Journey to the Caspian
February 22, 2005
Third installment of stories about my travels
in Iran in 1973, read on Shahrohk Nikfar's
weekly program "Persian
Hour" on KYRS
radio in Spokane, Washington. See parts (1) (2) (3)
We left the madness of the
city behind and soon found ourselves moving along a quiet highway
under a large moon. What always struck me in countries like Iran
was how the drastic line between city and country was drawn. One
moment you could be risking your life in bright neon traffic and
the next be in a serene country setting with no light pollution
and a timeless landscape
About an hour's drive out of Tehran, steadily gaining in elevation
into the mountains we pulled off to sleep for the night. I walked
off in the moonlight to unwind after our wild exit from the city
and just to have a look around. There were more trees dotting the
hillsides and the contrast between the open slopes and the shadowed
canyons made a palette of blues in positive and negative that were
truly unique. Even the sight of the truck perched on a narrow turn-out
above a gaping chasm seemed like a timeless work of art caught
in the moment. I think we all slept very well that night.
The new day began with a bright blue sky that matched the tiles
in the mosques and the billowy clouds flew around the high peaks
and raced down the draws to be eaten by the warm air of the valley.
We were heading over the mountains to the Caspian Sea for no other
reason than that it was there. There wasn't one of us who knew
a thing about where we were going other than that it was a big
blue blob on the map surrounded by, from what we had seen so far,
high mountains and vast deserts.
By looking at the map the Alborz
range that we were crossing seemed to be a narrow spine rising
from the desert plateau to the south and then quickly down to
the sea. But from our experiences so far, it was hard to tell if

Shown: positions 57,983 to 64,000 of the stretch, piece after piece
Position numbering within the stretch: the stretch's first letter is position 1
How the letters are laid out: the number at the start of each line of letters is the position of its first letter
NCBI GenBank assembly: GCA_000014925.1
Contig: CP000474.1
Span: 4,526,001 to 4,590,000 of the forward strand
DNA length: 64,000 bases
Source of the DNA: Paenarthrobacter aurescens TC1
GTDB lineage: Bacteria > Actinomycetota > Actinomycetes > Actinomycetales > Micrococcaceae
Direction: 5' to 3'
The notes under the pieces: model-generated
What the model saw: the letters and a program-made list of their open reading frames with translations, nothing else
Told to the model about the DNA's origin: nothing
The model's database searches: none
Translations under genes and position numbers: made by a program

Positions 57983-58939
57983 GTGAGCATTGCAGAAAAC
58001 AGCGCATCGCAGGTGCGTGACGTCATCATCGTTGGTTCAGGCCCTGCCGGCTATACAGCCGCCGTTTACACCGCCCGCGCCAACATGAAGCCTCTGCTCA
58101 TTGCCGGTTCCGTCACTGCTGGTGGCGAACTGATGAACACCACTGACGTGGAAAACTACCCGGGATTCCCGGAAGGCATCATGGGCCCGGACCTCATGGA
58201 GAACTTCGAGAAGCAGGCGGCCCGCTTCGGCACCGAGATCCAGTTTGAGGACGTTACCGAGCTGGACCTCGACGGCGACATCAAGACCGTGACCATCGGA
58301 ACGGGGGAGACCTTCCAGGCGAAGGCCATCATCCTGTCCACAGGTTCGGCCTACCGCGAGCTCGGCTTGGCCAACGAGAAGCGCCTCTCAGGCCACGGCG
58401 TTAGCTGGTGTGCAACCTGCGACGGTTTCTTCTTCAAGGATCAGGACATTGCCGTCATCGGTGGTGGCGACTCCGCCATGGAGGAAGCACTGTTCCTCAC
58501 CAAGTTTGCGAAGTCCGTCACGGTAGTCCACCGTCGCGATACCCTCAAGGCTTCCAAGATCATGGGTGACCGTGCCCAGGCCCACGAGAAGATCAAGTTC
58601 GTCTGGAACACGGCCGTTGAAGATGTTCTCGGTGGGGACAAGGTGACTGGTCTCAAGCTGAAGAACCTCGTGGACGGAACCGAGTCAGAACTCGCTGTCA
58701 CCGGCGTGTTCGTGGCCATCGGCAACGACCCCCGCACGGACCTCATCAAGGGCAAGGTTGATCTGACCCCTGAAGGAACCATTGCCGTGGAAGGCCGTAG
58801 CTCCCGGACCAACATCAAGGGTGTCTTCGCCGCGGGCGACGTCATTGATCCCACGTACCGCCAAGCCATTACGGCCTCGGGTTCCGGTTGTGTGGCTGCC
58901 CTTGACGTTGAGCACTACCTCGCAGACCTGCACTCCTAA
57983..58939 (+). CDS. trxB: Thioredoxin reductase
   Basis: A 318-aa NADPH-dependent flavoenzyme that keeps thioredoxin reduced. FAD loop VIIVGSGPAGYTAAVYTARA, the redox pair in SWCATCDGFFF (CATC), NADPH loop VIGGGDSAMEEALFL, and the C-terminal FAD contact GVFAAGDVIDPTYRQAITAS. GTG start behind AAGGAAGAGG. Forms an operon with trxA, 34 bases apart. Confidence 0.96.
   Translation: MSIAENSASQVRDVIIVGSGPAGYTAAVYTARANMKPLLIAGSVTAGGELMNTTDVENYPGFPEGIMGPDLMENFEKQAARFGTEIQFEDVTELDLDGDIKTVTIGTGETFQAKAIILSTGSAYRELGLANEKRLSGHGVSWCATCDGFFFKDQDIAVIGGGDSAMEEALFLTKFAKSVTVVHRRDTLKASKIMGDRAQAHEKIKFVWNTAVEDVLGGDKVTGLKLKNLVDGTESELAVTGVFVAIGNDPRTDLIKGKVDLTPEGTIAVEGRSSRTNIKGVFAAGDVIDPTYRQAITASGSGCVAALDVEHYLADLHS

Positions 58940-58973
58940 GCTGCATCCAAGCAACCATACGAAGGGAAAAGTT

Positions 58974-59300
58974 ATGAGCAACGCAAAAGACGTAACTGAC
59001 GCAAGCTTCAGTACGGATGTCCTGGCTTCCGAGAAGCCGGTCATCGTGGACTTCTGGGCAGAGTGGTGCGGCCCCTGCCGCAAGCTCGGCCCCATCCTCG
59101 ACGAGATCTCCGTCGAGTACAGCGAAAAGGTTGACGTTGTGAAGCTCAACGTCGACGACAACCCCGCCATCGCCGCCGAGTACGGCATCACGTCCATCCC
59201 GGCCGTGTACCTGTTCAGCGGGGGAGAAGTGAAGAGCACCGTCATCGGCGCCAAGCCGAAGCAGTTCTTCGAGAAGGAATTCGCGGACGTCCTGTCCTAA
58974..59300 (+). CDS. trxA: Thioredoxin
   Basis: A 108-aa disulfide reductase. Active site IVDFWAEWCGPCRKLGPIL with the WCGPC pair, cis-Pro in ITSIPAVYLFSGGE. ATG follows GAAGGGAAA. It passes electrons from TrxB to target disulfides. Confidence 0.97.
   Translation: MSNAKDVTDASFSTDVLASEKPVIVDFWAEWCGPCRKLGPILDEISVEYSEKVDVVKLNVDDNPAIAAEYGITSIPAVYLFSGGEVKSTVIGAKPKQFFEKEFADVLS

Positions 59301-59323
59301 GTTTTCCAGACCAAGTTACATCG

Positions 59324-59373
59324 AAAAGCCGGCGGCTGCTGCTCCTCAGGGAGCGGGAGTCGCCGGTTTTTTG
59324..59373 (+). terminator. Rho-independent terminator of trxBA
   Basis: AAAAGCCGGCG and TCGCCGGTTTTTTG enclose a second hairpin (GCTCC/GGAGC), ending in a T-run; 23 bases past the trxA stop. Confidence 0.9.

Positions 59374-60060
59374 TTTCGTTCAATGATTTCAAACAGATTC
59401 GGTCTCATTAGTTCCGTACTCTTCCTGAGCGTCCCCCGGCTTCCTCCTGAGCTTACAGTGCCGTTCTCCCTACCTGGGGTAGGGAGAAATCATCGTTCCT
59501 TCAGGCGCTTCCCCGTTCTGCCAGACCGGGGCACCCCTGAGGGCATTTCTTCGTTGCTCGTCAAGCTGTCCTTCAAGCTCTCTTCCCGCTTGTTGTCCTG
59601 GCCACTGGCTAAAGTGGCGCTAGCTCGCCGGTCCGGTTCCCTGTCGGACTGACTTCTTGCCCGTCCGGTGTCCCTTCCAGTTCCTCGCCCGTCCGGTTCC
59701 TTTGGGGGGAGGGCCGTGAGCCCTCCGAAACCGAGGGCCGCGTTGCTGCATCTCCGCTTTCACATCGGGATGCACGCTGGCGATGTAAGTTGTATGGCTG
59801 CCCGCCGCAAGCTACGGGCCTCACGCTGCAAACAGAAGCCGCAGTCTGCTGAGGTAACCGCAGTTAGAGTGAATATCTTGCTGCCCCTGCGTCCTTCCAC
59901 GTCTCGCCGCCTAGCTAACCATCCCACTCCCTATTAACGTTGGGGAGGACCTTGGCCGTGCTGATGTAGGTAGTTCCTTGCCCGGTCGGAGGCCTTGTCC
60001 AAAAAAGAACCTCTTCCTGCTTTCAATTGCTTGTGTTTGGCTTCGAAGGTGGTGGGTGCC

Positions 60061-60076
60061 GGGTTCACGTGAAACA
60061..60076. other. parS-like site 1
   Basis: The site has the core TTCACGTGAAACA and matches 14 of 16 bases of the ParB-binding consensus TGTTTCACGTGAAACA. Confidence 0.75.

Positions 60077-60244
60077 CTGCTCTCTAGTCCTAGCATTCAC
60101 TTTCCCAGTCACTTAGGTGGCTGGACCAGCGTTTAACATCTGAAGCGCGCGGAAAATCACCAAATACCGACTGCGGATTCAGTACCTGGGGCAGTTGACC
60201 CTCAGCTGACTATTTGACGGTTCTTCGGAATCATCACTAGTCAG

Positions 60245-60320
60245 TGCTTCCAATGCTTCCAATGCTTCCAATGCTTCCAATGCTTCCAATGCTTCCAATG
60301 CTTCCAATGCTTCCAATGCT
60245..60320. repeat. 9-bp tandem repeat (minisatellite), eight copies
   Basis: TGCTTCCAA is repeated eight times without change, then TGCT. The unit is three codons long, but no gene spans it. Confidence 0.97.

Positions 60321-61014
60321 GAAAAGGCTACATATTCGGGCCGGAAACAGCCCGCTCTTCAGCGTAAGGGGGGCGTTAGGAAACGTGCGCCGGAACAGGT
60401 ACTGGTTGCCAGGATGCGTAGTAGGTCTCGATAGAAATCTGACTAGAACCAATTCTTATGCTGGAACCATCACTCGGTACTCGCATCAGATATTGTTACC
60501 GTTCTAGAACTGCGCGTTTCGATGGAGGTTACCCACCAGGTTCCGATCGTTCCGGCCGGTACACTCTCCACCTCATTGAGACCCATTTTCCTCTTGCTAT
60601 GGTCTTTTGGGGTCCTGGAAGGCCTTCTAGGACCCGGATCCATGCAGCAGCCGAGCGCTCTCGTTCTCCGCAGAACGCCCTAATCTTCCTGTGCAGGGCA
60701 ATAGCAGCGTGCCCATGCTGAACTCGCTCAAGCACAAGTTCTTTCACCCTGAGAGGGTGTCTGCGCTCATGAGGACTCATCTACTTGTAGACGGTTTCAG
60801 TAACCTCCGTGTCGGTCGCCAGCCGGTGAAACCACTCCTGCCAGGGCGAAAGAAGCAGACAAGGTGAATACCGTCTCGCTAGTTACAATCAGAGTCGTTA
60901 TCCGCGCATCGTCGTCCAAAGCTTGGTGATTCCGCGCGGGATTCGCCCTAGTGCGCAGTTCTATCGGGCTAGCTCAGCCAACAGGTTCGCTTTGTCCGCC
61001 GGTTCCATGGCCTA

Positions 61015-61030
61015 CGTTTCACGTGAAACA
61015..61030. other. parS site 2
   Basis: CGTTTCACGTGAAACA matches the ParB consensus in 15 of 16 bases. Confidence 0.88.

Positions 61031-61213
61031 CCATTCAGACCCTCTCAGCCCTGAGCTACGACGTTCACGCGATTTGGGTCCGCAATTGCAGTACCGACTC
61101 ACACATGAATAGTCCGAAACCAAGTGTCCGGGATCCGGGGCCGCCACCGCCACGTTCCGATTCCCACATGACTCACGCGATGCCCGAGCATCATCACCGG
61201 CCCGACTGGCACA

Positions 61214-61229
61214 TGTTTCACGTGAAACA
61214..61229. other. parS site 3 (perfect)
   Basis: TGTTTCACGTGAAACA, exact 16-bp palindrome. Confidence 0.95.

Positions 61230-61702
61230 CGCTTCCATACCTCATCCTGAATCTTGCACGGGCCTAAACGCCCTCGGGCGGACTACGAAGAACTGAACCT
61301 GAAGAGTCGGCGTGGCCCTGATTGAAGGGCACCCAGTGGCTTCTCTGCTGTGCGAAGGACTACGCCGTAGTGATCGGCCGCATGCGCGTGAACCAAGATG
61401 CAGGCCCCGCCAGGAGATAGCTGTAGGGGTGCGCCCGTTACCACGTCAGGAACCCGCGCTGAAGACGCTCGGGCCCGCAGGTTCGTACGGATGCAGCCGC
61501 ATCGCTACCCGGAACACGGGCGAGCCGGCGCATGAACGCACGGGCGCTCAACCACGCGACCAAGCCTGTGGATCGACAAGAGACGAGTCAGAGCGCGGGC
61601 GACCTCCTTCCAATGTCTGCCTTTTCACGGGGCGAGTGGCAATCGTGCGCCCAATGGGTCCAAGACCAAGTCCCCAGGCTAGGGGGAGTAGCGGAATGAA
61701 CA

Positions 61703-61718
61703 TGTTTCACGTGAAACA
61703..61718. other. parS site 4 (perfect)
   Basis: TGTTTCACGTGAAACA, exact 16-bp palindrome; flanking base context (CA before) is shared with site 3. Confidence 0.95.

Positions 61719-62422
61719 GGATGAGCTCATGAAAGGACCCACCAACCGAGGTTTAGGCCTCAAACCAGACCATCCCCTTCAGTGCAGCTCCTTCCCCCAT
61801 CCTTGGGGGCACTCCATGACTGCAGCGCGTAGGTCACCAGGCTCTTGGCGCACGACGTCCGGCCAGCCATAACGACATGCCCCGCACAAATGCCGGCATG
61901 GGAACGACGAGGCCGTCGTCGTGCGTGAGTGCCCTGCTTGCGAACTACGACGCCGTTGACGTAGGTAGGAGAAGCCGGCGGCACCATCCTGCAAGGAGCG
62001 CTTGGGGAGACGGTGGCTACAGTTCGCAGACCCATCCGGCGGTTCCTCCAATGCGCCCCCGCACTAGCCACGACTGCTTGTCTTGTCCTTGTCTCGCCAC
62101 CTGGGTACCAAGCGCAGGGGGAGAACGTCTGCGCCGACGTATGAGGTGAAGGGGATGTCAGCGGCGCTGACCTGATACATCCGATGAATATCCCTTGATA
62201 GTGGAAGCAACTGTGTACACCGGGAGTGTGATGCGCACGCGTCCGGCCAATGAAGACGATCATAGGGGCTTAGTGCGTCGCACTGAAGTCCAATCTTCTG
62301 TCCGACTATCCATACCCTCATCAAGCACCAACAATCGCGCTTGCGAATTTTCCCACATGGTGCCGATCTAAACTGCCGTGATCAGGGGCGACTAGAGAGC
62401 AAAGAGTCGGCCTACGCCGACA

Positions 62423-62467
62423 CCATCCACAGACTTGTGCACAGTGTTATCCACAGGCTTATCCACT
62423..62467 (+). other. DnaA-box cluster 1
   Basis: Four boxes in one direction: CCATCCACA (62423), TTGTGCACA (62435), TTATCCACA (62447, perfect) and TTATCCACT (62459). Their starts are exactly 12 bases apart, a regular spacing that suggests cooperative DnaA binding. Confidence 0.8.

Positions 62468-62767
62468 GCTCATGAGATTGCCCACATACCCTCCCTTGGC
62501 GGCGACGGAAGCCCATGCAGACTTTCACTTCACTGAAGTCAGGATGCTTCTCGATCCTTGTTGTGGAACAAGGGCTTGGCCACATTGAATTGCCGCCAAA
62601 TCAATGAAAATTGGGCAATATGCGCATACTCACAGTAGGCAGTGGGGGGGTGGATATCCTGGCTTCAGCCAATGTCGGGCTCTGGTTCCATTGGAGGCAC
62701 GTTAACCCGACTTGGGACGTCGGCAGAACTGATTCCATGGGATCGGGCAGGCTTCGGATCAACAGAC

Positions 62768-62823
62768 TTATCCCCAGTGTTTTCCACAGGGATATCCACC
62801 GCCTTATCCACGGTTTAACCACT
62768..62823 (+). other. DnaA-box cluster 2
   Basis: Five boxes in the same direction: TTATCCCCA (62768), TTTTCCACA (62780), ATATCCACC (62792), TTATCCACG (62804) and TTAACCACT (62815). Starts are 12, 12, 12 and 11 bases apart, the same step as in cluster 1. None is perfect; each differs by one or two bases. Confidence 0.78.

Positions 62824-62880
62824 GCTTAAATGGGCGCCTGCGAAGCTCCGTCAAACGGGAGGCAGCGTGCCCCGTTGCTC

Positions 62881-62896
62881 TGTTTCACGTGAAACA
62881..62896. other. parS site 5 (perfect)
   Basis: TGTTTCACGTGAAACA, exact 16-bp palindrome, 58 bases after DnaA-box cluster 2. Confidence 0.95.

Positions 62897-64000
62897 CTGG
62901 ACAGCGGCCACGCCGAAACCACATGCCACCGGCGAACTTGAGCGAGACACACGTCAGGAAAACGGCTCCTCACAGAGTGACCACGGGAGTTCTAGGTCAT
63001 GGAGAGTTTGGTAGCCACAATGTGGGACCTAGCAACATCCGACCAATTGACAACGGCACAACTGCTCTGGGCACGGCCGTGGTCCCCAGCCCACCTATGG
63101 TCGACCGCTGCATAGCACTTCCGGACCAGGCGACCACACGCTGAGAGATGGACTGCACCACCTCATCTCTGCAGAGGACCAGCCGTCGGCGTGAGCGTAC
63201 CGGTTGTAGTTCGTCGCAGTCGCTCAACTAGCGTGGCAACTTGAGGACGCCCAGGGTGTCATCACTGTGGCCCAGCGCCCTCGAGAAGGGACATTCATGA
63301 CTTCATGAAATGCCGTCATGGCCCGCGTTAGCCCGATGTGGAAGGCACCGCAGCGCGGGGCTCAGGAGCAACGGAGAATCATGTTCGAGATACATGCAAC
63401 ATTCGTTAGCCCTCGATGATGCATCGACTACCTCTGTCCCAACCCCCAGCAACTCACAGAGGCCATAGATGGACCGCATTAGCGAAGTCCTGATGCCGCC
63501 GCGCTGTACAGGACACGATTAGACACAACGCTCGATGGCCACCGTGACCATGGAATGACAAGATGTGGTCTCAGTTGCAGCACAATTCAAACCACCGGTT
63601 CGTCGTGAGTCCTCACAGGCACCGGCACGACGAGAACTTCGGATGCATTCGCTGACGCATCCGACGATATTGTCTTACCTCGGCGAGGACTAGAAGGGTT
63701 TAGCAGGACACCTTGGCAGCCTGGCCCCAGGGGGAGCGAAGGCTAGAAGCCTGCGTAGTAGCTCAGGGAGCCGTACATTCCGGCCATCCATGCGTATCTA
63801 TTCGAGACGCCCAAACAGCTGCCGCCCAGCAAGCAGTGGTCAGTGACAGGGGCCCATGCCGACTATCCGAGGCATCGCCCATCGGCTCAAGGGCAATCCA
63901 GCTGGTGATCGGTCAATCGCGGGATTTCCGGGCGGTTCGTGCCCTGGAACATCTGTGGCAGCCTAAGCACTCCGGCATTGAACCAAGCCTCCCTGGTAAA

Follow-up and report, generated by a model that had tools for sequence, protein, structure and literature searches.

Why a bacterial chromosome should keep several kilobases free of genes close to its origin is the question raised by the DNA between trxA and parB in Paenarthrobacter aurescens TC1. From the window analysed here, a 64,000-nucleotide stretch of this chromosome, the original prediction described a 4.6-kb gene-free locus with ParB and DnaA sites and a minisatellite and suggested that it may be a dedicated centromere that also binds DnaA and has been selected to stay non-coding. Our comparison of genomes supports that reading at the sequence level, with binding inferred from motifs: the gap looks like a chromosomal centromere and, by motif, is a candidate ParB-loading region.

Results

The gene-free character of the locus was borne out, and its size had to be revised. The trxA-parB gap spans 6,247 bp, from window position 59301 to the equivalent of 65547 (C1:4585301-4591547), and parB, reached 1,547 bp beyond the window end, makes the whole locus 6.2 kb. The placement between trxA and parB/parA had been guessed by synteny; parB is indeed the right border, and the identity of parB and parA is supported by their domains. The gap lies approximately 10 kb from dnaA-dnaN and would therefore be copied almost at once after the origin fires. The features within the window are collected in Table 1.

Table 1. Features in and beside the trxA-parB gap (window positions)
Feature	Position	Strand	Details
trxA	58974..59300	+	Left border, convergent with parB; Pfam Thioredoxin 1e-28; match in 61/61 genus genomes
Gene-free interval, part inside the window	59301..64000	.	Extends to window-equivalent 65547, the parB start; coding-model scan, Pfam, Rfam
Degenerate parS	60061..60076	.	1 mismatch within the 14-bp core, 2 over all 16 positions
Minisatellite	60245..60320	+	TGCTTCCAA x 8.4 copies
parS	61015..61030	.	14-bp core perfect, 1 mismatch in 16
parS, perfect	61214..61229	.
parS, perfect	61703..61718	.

would take a few hours or the better part of the day to reach
the Caspian. The villages in this region made more use of lumber
their building than I had yet to see in Iran and the terraced
farms were green and lush making good use of the melting snows.
of approaching any subject with very little knowledge has the
effect of putting one in a constant state of awe. You never cease
surprised, seeing everything as new for simply what it is.
My previous knowledge of Iran was that it was run by a guy who
like my dad and that it was a desert. But here I was in a totally
different land, Mazanderan, with a different climate and people
as well as the setting for many of the stories from the Shahnameh.
On our descent to the sea we followed the rushing streams past
more fields and prosperous yet still very traditional villages.
When we came in view of the Caspian stretching there before us
we still had a way to go to reach the shore and once again I saw
the brown and tan colors of the desert. By the looks of things,
the water that was gushing so fully down the mountains hadn't made
it to the bottom. Somewhere along the way it had either been used
up or diverted. The air became hot once again as when before we
crossed the Elburz but now there was a heaviness to the heat, a
humidity that wasn't a part of the desert to the south.
out of a sharp turn between dry scrub covered hills, though,
the scenery changed. There on our right was the incredible blue-green
of the sea and to our left seeming to come nearly to the sea
a checkered quilt of rice paddies, flooded and green , extending
in low terraces up toward the rugged north slope of the mountains.
I was overcome by the beauty as well as the shock of seeing rice
growing where I had no idea that it grew. Everyone knew what